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Does using a mobile phone give you cancer?

This has been a debate for many years – does using a mobile phone give you cancer? In the UK this week there seems to be a reinvigorated debate discussing all the implications of using a mobile phone. The World Health Organisation thinks that mobile phones will give you brain cancer, but there is still no hard proof. With local newspapers saying that a cup of coffee is actually just as bad for you, what is all the talk about?

Experts from the International Agency for Research on Cancer have spent the last week studying evidence and the end result was inconclusive. They still don’t know for sure.

The main topic of debate is the radio frequency electromagnetic fields generated by mobile phones which are ‘possibly carcinogenic to humans’. We think the word ‘possibly’ is key in that sentence. They recommend that using a hands free add on is best long term, just to make sure you don’t die, or get lumps on your head. Or get hair loss, or memory loss, or pimples. But, yeah we aren’t sure about any of them either.

My father, a 70 year nicotine addict said when he started smoking cigarettes that people didn’t know the risks involved with them either, it was only years later that they realised it was very dangerous. By then it was tough to give them up.

Kurt Straif, editor of the IARC says “There is some evidence of increased risk of glioma. But it is not at the moment clearly established that the use of mobile phones does, in fact, cause cancer in humans.” He also said that using a phone for texting is much safer as the phone isn’t close to your head for long periods of time, and exposure is reduced.

Obviously, the first people to mock the findings were the mobile phone industry who clearly don’t want people panicking and opting for tin cans and pieces of string, or possibly even smoke signals for communication. Many of the mobile phone industry experts say it is just another scare mongering PR piece to get people to panic. Last year, the IRAC said that there was no link at all between brain cancer and mobile phones.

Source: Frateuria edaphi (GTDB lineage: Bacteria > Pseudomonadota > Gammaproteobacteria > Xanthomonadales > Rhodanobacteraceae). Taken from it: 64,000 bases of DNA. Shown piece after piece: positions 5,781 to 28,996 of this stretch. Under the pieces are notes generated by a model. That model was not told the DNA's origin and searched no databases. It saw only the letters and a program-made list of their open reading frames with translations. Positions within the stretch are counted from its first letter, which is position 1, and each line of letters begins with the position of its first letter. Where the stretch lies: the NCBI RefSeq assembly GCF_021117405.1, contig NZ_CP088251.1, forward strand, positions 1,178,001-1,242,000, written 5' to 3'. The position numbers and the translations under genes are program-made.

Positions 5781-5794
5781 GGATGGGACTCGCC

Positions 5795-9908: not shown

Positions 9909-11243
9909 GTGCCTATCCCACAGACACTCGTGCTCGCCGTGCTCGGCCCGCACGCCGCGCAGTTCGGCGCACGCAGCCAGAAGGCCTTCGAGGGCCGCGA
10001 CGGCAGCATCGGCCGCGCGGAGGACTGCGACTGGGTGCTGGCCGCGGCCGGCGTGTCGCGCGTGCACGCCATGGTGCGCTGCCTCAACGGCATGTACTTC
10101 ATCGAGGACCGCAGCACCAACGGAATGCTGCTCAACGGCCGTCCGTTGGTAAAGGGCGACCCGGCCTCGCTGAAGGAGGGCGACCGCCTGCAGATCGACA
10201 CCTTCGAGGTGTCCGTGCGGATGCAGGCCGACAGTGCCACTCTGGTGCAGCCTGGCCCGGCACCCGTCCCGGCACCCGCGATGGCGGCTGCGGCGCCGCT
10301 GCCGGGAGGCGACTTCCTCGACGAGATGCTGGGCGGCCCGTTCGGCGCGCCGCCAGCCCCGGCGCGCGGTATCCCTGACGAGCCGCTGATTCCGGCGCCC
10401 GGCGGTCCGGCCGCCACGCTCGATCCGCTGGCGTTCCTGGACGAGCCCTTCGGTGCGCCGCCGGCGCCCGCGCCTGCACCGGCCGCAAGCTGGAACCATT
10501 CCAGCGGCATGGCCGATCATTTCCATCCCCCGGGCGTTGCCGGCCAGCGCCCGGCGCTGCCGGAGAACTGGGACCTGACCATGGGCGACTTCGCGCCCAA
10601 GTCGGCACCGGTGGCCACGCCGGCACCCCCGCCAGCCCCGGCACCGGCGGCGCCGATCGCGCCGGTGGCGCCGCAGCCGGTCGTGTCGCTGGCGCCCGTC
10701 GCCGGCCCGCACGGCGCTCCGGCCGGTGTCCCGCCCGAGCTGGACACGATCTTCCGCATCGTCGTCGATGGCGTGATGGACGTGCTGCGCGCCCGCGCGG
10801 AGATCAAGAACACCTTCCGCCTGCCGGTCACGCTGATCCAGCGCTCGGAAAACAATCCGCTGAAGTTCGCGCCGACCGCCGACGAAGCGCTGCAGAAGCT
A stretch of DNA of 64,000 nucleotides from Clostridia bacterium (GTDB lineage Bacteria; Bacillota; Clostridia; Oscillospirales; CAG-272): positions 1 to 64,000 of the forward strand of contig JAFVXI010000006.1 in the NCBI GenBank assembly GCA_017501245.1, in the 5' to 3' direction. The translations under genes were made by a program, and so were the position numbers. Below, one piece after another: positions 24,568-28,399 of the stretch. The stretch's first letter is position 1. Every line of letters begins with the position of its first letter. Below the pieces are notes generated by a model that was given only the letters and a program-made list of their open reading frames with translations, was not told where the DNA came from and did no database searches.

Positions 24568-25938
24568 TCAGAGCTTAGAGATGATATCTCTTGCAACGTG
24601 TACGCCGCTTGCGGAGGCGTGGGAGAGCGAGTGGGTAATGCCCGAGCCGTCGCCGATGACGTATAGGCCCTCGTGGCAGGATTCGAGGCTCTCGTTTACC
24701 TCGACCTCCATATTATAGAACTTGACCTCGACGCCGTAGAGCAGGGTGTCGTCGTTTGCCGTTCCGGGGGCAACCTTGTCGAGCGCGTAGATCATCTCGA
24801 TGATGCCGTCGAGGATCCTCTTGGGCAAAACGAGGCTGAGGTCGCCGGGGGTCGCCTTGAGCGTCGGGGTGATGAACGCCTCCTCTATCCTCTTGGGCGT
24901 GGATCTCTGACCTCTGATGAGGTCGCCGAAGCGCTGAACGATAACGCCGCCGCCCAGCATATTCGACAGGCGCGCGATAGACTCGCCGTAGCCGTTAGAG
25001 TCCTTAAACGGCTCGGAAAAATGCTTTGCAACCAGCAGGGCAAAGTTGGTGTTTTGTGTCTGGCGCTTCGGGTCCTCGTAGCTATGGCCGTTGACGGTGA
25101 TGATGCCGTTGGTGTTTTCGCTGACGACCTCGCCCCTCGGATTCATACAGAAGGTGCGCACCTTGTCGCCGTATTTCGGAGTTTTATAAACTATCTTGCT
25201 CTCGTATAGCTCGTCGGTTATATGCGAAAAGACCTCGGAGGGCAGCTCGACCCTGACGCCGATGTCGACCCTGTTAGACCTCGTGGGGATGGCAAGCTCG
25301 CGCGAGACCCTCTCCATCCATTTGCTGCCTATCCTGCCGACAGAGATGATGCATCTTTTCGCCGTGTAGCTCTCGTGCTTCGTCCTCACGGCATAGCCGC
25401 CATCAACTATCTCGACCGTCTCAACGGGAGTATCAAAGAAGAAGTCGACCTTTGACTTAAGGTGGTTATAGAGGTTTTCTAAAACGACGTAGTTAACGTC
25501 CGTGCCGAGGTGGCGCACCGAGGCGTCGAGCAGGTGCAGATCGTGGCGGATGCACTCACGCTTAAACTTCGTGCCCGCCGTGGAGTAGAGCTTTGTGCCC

CancerHelp UK say “Mobile phones are low powered radio devices that transmit and receive microwave radiation. The amount of radio wave energy that your body absorbs from a mobile phone can be measured. This is called Specific Absorption Rate (SAR), and this information should now be available on all mobile phones sold in the UK. The SAR of mobile phones in the UK has been within the international exposure guidelines for some years now.

Several research studies carried out in Europe and America have looked at large numbers of people using mobile phones. Most have found no link between brain tumours and mobile phones.

A large UK study reported in January 2006 that they could find no link between mobile phone use and a type of brain tumour called glioma. The study included information on over 2,500 people. They found no link between the amount of mobile phone use, length of time since first use, lifetime years of use or number of calls made. The study did not include any information on children using mobile phones. Over 2,500 people took part in this study. Only about 6 or 7 out of every 100 of them had used a mobile for more than 10 years.

A large Danish study has followed over 400,000 people – some of them for 21 years. In December 2006, these researchers published a paper that looked particularly at people who had been using a mobile phone for more than 10 years. They found no increased risk of brain tumour. A small 2007 study found that high use of mobile phones may very slightly increase the risk of developing tumours of the salivary glands, but this needs to be confirmed by other research.”

They added: “A large research programme called the Mobile Telecommunications and Health Research Programme (MTHR) was set up to investigate possible health effects of mobile phone radiation. In 2007 it reported the results of a 6 year research programme that found no link between short term mobile phone use and brain cancer. The MTHR recommended that no further research is needed on the effect of short term mobile phone use on cancer risk, although the committee noted that limited data is available for long term use and suggested that more research is needed in this area.”

KitGuru says: will we all end up with cancer due to mobile phone use? We probably won’t know for sure for another 10 years.

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